Have you read John Bunyan’s “The Pilgrim’s Progress”? If not, let me whole heartedly recommend that good book to you. In Part 2 of the book, chapter 1, the pilgims lost family takes center stage. Christians wife, Christiana, was visited by a messenger from God who came to invite her and here four boys to come. The King’s invitation was to travel to His city as her husband Christian had previously done, and share with her husband in the presence and joy of the King. Christiana was happy to hear of her invitation, but she was fearful of the way to that city because she had heard all the trials and difficulties her husband had endured on his way to the King’s city. So Christiana answered her visitor, “Sir will you carry me and my children with you, that we also may go and worship this King?”. You see, she desired to follow Christ but hoped for a more comfortable way than her husband had endured. Would God’s messenger grant her and the boys this way of ease? Bunyan writes, “Then said the visitor, ‘Christiana, the bitter is before the set. Thou must through troubles, as did he that went before thee, enter the Celestial City…”

Trouble, Trouble, Trouble, Trouble…

Why would Bunyan depict “The Way of Christ”, as we are calling it, full of trouble? The Short answer might be, his story is an allegory for the truth of Christianity and not a simple fairy-tale to entertain children. We all naturally enjoy ease, but against our own nature is the path of life. The way of Christ is a path toward a glorious end, but the path goes straight through “much tribulation” (Acts 14:22).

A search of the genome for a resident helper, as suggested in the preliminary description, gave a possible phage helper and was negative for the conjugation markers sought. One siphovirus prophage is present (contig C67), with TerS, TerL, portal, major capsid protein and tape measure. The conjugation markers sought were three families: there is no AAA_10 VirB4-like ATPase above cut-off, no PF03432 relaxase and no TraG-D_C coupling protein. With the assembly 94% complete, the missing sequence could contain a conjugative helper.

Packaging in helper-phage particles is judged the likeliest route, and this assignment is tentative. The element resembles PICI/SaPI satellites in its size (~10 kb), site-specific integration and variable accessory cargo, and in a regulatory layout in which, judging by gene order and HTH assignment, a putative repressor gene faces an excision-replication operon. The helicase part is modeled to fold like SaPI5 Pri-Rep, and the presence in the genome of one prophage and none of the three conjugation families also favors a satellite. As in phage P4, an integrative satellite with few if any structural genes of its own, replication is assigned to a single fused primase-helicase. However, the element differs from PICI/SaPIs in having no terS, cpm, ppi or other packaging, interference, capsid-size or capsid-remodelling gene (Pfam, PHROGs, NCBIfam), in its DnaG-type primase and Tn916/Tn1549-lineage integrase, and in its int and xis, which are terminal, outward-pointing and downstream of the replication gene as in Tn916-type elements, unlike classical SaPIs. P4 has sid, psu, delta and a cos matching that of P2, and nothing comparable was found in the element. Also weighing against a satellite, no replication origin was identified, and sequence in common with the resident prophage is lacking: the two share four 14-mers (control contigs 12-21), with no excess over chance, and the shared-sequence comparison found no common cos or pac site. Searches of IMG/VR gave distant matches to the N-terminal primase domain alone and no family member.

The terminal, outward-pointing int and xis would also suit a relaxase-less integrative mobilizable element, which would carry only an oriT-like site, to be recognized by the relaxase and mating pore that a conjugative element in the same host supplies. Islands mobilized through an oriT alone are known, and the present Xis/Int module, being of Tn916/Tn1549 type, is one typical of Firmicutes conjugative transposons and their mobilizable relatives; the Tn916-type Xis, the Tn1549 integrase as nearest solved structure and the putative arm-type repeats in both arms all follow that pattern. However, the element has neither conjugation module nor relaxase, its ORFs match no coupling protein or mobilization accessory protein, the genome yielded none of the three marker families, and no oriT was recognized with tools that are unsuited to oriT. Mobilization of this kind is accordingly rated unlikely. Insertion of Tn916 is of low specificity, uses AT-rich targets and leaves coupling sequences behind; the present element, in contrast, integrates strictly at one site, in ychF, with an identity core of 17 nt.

Exactly what kind of trouble, and how much trouble will we find on the path of Christ? I cannot say. I wish as much as the next man to know the answer, but I would be so bold to say that the prize is worth every treacherous step (Romans 8:18). First, I am unable in my own capacity to exhaust the number of possible difficulties by number one might encounter. Second, I am unwilling to attempt to describe all the heartbreaking difficulties that I am personally acquainted with as a pilgrim myself. However, I would like to focus our attention upon a universally common trouble for all who travel the path of Christ.

The Man in the Mirror…

The scriptures undoubtedly warn us of many dangers that we will encounter on our path. False teachers, false doctrine, false friends, unkind ridicule, unjust government, Satanic temptation, and demonic opposition are a few kinds of trouble believers will be forced to walk through. Ephesians 2:1-3 is famously interpreted to describe the three primary enemies of all believers to be the world, the flesh, and the devil. We don’t have enough space in this article to helpfully describe all three or even to extensively cover one of the three. However, we do have time to briefly but helpfully touch on the enemy within, aka the flesh, aka the man in the mirror.

In the book of Romans, the Apostle uses the first two and half chapters to explain the condition of all humanity in rebellion against God. From midway through chapter three to chapter 5, Paul explains our redemption in Christ is by grace alone (without our own merits) through faith alone (without our own works). Then, in chapters six and seven, Paul begins to explain the practical implications of justification by faith.

For that which I do I allow not: for what I would, that do I not; but what I hate, that do I.

Romans 7:15 KJV